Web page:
Players 'demand' a Super shake-up
SPOTLIGHT: Super Rugby’s recent troubling record has various stakeholders longing for change.
Australia’s Rugby Union Player Associations (RUPA) president Damien Fitzpatrick has called on SANZAAR to think outside the square to save Super Rugby – and says the competition as we know it is likely a thing of the past.
“I can tell you one thing: if the airports are not going to open, it’s going to be difficult to run that comp,” Fitzpatrick said matter-of-factly about Super Rugby’s future.
With Australia’s 192 professional players having finally settled on an average 60 percent pay cut until September, following almost a month of discussions with Rugby Australia, the focus has shifted to the future structure of Super Rugby.
Fitzpatrick says the sobering reality of empty stands in rugby-mad Pretoria is proof that the current format has lost its appeal and that the entire tournament needs an overhaul.
“You know there’s a problem with your product if you go to South Africa on a Saturday afternoon at Loftus and they can’t seem to put bums on seats,” he said.
“SANZAAR is probably having a really strong look at how the competition can engage fans.”
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Even with Japan’s Sunwolves being extinct from next year, Fitzpatrick doubts a 14-team competition involving four from Australia, five from New Zealand, four from South Africa and Argentina’s Jaguares is sustainable.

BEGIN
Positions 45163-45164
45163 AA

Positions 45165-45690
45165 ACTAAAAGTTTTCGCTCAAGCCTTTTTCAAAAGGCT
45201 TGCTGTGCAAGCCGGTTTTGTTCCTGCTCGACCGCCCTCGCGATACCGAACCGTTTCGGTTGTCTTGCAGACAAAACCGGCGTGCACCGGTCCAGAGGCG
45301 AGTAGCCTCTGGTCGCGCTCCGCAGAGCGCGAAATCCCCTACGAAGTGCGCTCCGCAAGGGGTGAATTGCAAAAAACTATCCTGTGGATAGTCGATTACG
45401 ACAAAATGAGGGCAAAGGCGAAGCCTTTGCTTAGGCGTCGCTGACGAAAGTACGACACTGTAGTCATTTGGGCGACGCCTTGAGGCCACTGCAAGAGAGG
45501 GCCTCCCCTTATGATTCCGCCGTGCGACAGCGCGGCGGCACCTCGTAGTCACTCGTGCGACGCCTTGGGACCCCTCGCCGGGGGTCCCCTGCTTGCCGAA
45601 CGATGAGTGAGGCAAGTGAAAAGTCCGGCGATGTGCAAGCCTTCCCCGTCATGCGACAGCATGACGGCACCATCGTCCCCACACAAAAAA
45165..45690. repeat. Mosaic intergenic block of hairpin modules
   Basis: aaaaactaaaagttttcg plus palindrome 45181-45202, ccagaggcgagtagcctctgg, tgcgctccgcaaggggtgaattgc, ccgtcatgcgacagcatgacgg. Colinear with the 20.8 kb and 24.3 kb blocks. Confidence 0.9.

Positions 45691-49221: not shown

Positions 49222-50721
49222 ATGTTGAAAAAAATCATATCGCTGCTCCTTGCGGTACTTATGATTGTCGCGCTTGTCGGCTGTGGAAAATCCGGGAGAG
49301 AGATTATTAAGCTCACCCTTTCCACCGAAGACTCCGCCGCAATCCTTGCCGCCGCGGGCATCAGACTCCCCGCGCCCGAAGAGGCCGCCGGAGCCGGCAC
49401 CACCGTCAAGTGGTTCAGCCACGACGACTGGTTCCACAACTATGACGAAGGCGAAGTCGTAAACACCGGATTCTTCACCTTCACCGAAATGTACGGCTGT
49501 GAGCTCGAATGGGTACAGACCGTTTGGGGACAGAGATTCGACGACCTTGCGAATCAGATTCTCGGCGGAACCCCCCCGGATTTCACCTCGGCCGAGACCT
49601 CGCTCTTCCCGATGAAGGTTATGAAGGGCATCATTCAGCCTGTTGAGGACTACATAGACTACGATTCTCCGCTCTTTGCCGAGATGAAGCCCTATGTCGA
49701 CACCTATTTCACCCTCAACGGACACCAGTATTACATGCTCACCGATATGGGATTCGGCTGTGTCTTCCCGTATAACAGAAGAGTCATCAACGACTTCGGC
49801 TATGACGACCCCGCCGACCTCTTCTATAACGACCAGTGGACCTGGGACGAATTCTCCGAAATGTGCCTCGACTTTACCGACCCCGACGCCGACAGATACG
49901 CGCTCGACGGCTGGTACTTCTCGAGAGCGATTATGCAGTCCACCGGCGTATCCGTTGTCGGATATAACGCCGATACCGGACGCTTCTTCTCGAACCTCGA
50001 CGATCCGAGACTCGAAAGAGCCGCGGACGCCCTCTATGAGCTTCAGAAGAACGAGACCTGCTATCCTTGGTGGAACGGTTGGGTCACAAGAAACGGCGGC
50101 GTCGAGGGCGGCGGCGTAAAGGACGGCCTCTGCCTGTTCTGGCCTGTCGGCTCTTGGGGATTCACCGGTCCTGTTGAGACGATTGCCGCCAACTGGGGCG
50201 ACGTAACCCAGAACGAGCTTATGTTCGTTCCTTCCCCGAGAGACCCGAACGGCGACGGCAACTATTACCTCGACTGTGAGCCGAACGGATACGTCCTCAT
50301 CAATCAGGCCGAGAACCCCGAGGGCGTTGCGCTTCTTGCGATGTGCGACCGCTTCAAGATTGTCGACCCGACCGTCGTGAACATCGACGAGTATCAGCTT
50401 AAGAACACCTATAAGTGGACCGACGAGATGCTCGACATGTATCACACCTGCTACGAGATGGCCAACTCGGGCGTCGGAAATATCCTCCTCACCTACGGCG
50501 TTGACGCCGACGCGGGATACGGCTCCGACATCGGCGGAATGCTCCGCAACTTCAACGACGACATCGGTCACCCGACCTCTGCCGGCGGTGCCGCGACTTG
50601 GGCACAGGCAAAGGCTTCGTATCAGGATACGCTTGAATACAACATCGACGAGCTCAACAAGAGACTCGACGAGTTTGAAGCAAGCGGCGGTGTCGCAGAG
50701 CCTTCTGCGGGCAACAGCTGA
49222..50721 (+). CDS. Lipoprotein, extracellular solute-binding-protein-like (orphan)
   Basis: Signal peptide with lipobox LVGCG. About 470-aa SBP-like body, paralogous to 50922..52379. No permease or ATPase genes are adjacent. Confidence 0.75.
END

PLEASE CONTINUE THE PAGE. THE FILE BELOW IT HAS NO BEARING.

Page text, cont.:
“I think the situation has shown that right now anything is possible. I don’t exactly know what is able to be changed and what’s not able to be changed,” the NSW Waratahs hooker said when asked if he believed the 2021 format remained set in stone.
“Everything would be on the table, not just from Australia but I’m sure all the SANZAAR partners are looking at ways to get the best result and best product out there for the fans.”
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With RA boss Raelene Castle flagging a July-August resumption, when borders could well be still closed, a domestic competition seems the most likely way forward this year.
While the hefty pay cuts were “tough to stomach”, Fitzpatrick said when RA finally opened up their books to RUPA the players quickly realised they needed to take a financial sacrifice to save the game in Australia.
“The fact is we’re in a business where right now we’re not on the field and we know the major revenue driver for professional sport is broadcast and when you’re not fulfilling that contract, you know that that revenue is going to come to a pretty screeching halt,” Fitzpatrick said.
“We would have loved to have known that the company you work for has huge amounts of cash reserves – but that wasn’t the case and we knew that.
“The reason we were sitting at the table was because everyone was fully aware that there needed to be some sort of restructure that incorporated the costs and alleviation of the game to enable us a fighting chance to stay alive.”